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What a Difference a Week Makes!

With my six mile run today I completed my first training week using Pete’s online coaching plan.  It may sound a little funny but already I feel very different.  I’ll go ahead and acknowledge the placebo effect is probably at play.   Something along the lines of “oh wow I’m now doing something different so I must experience a change.”  Placebo effect or not, I’m not sure it matters.  The fact that I feel different is good enough for me.

I wrote in my last post that I rarely did a full cardio segment and a complete strength training session back-to-back.  Well a few days after writing that post I pulled out my training plan for Nation’s (which I created myself).  I have a correction to make:  I did in fact do such workouts (also known as two-a-days) early in my training and quite often. I can blame bad memory for thinking two-a-days are new to me but I think there’s something more to it.  For some reason I felt my two-a-days this past week were…well different.  They were much longer and more intense than what I did for Nation’s.  Also, I’m sure since Pete planned them they’re better structured than what I put together.  And there’s the placebo effect.

During this past week’s training sessions I felt solid.  I did struggle some on the bike, specifically with keeping my RPMs and heart rate at the desired levels.  Also the last five miles of my 30 mile ride yesterday was by no means easy.  (And as mentioned before I did have to push it a bit with the weights.)  However I felt pretty good right to the end.  Don’t get me wrong, I definitely worked hard this week but I never felt like I couldn’t finish.  I do realize Pete’s current focus is on base building so I anticipate my workouts becoming much more difficult very soon.

Anyway back to this difference – or really differences.  What are these differences, you ask?  I feel like I’ve taken my training up a level already and I feel more confident.  I think I was a little anxious about not being able to follow Pete’s plan.  Well I did and while I experienced some challenging moments, I completed each session strongly.   I feel more focused.  A lot of this has to do with the need to keep track of my drills during each workout.  But also I’m zeroing in on my very specific goals which are to successfully complete Hawaii 70.3 and improve my splits at Nationals.  With each successful workout my body moves closer to being ready to compete.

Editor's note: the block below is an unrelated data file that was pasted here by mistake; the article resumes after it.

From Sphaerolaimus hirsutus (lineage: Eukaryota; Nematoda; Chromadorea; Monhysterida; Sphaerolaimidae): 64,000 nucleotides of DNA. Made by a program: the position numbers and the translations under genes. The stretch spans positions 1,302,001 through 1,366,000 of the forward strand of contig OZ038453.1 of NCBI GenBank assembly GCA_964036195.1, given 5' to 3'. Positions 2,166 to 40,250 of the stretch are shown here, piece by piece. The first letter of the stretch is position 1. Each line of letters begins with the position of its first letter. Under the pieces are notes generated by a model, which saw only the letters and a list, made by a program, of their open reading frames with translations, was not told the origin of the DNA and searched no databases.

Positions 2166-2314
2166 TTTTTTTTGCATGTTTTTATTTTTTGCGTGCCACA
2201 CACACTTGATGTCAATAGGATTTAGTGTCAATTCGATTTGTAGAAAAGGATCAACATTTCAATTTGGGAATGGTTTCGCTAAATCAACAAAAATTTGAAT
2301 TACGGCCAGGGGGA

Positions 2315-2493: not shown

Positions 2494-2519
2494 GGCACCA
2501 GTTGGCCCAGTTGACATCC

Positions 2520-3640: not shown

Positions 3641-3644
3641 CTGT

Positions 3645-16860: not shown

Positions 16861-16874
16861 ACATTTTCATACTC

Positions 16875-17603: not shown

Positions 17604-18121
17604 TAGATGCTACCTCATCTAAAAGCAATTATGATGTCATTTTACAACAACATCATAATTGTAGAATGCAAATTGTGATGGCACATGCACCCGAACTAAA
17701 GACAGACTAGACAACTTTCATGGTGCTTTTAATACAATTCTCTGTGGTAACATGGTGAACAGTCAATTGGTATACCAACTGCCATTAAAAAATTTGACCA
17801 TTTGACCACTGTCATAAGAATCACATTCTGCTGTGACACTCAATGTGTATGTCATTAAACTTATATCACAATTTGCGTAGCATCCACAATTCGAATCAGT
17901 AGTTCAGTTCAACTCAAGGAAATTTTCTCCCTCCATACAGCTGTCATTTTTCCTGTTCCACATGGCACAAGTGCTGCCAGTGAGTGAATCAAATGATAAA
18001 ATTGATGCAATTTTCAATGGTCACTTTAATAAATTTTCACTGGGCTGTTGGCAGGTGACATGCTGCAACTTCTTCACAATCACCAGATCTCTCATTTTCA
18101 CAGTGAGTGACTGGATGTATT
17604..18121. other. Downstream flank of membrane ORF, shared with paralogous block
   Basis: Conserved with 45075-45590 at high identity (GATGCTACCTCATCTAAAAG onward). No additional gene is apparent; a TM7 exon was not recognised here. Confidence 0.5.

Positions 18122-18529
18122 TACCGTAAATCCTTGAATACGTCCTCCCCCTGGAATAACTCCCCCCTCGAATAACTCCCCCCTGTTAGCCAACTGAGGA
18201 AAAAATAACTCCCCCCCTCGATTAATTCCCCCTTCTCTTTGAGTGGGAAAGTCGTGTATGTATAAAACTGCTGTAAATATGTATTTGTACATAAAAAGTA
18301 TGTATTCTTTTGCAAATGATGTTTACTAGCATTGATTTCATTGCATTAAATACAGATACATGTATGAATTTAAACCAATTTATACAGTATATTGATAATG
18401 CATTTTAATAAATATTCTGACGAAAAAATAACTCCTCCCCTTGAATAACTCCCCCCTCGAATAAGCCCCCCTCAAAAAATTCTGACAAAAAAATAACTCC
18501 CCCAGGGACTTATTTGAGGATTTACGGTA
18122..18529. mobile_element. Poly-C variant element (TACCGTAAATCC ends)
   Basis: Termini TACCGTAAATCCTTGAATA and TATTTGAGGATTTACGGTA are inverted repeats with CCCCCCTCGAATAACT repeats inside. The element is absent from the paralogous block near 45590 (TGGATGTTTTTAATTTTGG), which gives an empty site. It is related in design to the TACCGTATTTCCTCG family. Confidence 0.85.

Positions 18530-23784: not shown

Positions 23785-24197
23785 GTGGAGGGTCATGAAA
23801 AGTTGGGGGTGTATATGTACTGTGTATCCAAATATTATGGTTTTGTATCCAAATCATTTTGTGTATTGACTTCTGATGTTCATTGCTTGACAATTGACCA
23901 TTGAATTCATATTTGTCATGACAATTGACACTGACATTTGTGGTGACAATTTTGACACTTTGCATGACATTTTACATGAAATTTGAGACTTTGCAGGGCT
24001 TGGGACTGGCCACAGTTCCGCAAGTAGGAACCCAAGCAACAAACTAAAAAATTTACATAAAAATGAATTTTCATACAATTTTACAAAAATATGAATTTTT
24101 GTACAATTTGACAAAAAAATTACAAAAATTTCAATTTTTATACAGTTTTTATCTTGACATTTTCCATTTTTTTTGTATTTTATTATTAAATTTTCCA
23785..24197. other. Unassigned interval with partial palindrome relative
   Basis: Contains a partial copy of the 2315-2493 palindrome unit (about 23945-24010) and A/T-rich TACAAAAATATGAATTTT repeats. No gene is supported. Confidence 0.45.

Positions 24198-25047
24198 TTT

I do feel one other major difference but I don’t think Pete’s plan has anything to do with it; I think it’s just a coincidence…or perhaps not.

Over the past week my connection with Noah became much deeper and different.  Outside of training, I think of Noah a lot. Sometimes he’s in-and-out of my mind very quickly and other times I spend quite a bit of time thinking and recalling vivid images of him in my head.  When I train though I believe how I think of him is different from this.

Last May I began feeling a very deep connection with Noah as I became much more aware and grateful that my heart could easily handle my endurance training and I could process the oxygen needed during these workouts.   When I feel or see (on my heart rate monitor) my heart rate climbing and hitting 60-85% effort, it’s almost as if I’m raising it for him.  When I feel my breathing becoming labored, I think of the ventilators he was on and I feel as though I’m breathing extra hard for him.  And it’s the stark and unfair contrast between what I and any other healthy body can do seamlessly with what Noah struggled with all of the time.  It’s this appreciation combined with sadness and a little bit of bitterness (yes still) that helps me dig deeper to find that determination and power to push myself harder, faster and longer.

During my workouts this past week though I’ve started feeling a different kind of deep connection to my son.  I now feel his presence almost constantly and this feeling is definitely different than my “non-training day-to-day” thoughts of him.  During my training, talking to or thinking of Noah is like second nature now.  It’s like at some other level I’m having a constant dialog with him as I swim, run and bike.  I’d like to think he and I’ve gotten used to training together, and our routine has him with me all of the time.  I’ve been thinking about how best to describe this and I’ve come up with “endurance consciousness.”